It is not uncommon for references to be a part of vetting any new vendor. When considering a FinTech provider, this type of qualitative information may be more heavily weighted given the lack of quantitative data that would usually be part of the equation. Obviously, some of the same guidelines apply when considering references for FinTechs as are used in considering references for established companies. However, the weighting applied to the data gathered may be different with a FinTech provider. For example, the FinTech may not have developed a large customer base. If an institution can be found that is a legitimate peer, the input offered may be especially valuable in understanding how the FinTech operates. In addition, references that provide a well-rounded view of the FinTech provider’s strengths and weaknesses should receive additional focus. Software vendors, like financial institutions, are not perfect. Give a FinTech provider extra points if a reference provided shares the good, the bad and the ugly about them.
Early in the process, discuss with the FinTech any measures for containing risks that are considered non-negotiable. It is not uncommon for an FI to want the FinTech to agree to “out clauses” related to critical delivery dates. If the FinTech fails to meet the date, the FI has the option of walking away from the relationship. Out clauses may even involve deliverables associated with other FIs, especially if the FinTech has a limited number of customers “live.” Another measure being taken to address the risk of working with a FinTech company provides the FI with the source code for the FinTech’s solution in the event of default of the contract.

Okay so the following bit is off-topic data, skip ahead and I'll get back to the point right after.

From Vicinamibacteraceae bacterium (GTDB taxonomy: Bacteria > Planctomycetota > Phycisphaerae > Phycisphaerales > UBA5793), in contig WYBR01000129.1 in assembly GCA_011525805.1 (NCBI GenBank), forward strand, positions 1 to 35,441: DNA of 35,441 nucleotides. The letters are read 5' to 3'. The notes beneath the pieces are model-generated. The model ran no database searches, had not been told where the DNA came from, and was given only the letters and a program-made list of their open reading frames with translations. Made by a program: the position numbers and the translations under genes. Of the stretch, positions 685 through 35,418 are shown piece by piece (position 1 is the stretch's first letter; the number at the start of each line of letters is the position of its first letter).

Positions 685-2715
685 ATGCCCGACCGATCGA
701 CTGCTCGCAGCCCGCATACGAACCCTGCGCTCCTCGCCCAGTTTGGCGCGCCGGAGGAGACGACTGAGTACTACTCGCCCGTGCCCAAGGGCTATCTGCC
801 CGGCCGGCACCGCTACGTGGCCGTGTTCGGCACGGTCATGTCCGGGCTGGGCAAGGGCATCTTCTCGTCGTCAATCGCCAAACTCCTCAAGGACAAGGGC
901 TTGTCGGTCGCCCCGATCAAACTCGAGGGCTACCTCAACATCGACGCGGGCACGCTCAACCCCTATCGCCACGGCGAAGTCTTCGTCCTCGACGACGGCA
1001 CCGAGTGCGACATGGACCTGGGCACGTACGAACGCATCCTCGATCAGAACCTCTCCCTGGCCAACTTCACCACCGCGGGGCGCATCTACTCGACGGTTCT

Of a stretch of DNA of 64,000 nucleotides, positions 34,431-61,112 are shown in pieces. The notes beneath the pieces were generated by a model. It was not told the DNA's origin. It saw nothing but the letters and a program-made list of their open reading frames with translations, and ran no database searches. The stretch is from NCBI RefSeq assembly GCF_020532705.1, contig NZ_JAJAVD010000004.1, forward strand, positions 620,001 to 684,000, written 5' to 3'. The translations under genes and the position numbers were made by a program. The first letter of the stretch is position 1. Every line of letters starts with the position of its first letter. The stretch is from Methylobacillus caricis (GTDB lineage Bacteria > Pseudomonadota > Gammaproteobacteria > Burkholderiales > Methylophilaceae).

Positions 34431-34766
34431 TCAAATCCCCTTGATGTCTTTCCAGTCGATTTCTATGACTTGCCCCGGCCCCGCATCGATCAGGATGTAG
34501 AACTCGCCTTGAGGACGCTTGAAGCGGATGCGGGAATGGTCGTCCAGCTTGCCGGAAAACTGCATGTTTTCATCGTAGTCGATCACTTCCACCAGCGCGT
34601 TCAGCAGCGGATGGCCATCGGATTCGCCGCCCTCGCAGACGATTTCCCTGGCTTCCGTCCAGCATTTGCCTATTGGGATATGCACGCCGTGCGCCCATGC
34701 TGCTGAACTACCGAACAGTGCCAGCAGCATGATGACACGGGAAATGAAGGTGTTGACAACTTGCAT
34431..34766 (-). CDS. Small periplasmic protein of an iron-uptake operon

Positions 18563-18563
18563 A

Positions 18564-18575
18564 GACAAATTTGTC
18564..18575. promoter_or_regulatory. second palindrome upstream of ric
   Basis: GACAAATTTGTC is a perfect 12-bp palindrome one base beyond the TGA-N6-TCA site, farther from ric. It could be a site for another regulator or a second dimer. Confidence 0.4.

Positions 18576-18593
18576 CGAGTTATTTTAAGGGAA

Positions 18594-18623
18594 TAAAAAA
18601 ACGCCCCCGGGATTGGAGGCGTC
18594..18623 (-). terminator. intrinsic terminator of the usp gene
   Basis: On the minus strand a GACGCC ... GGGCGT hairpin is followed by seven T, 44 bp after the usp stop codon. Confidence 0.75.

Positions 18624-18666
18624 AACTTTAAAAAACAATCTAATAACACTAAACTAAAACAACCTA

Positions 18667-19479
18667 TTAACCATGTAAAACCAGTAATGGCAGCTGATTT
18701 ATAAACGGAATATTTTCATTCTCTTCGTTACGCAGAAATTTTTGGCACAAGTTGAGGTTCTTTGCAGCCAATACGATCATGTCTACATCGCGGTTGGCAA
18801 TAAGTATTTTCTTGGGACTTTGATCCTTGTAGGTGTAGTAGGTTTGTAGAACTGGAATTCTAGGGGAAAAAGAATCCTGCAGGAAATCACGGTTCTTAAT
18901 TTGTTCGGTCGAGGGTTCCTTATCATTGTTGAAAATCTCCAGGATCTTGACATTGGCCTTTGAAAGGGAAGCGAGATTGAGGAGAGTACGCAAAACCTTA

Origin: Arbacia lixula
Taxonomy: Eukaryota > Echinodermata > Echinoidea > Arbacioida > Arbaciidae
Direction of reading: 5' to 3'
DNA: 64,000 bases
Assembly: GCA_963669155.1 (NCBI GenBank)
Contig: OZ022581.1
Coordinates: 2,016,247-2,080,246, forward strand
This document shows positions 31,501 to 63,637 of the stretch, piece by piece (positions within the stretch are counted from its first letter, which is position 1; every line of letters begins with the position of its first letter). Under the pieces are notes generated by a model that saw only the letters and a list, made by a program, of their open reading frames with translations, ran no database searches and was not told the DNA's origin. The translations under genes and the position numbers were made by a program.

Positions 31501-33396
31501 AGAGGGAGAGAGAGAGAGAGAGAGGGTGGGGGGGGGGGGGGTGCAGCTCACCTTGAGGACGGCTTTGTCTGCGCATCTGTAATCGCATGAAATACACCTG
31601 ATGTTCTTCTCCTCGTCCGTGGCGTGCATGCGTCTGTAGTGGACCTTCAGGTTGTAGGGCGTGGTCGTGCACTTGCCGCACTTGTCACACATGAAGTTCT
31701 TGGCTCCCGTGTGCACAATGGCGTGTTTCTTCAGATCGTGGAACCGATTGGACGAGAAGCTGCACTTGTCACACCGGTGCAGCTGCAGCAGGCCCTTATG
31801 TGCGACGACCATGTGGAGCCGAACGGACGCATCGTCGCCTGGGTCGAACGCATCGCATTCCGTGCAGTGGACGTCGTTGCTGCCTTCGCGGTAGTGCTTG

The Landscape is Changing
There are already many signs that indicate more and more FIs believe the risk of doing nothing in the face of the digital tsunami created by consumers is far greater than the risk involved in working with FinTechs. This being the case, it is reasonable to expect that FIs will be working with FinTechs more often over time even in segments of the market where little precedent exists for doing so. One such market segment is composed of smaller credit unions and banks. Typically, many of these institutions have relied on their core banking vendors to provide many of the additional products they need, such as online and mobile banking. Recently, some of these institutions have shown a willingness to break with this approach to respond to the competitive pressure in their markets.
There are other areas in the financial services landscape where history is likely to repeat itself. The large, established and publicly-trade technology providers in the industry have grown primarily by acquisition. In many cases, those acquisitions were meant to provide much needed innovation to the dated solution sets these companies had to offer the market. Over a period of several years, there were many such acquisitions and much talk by these larger providers becoming “one stop” shops, which would reduce the overhead involved in managing relationships with multiple providers. Over the last few years, things have been quieter, and the acquisitions have been fewer. Look for that to change as these same organizations once again seek to protect their franchise by acquiring another generation of innovative companies.For the time being, banks and credit unions will be try to do the same – protect their franchise – by partnering more often with FinTechs. Because the stakes are high when it comes to responding to the demands of the digital consumer, the risk of doing business with these younger companies with limited track records will be offset by the risk of falling behind in the race to attract and retain these customers. To increase their chances of success, leading FIs are already coming up with approaches for doing business with FinTechs that are very different from those used with traditional vendors.